BIM (Building Information Modelling) is the future of construction. BIM gets people and information working together effectively and efficiently through defined processes and technology. In simple terms, BIM brings all the drawings, building information, equipment information (specifications, performance, warranty etc) and maintenance requirements in one model which can be viewed and managed during and after construction.
Computed Aided Design (CAD) packages such as revit and vector works have been developed to fully harness BIM functionality
However, so far since its introduction, BIM has not been fully accepted and despite the level 2 BIM (2016) government deadline, it's still just an idea to most construction people. The objective of the construction industry is to deliver projects on time, within budget and BIM helps to bring predictability to a project. BIM will also contribute to reducing cost and waste on a project.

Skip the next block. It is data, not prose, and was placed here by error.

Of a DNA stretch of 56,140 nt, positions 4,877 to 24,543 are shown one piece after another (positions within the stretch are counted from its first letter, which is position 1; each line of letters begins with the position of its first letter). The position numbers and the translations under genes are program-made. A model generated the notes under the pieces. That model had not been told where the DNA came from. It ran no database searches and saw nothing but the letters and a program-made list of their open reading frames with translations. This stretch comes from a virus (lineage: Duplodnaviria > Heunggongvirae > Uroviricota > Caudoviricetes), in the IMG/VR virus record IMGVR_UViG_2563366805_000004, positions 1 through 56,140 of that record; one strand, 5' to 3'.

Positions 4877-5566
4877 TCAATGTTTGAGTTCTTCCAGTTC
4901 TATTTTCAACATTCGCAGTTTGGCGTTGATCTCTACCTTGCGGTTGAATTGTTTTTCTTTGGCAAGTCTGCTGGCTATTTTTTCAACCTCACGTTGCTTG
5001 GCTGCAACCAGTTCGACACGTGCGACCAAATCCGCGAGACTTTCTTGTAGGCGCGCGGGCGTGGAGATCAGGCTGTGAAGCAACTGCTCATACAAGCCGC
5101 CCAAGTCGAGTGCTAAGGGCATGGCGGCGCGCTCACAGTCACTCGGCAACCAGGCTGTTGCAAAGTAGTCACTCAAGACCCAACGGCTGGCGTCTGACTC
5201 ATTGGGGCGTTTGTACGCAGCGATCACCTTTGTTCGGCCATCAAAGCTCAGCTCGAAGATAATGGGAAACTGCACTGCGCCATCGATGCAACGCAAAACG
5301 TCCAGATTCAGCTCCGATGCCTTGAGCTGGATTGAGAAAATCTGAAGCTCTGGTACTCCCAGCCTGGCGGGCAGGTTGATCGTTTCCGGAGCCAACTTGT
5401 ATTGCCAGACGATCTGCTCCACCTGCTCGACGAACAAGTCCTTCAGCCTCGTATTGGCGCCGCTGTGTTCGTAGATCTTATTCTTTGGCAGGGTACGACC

In order for BIM to be implemented effectively and be a success, construction companies will need to invest in BIM competent personnel/contractors something which at the moment is not considered in the budgets hence why BIM has not been a success. Investment will also be required on the facilities management side in order to train the personnel who will be looking after the equipment as BIM is software based.
The idea of BIM is something exciting and with 3D printing, this also brings a lot of opportunities for the construction industry.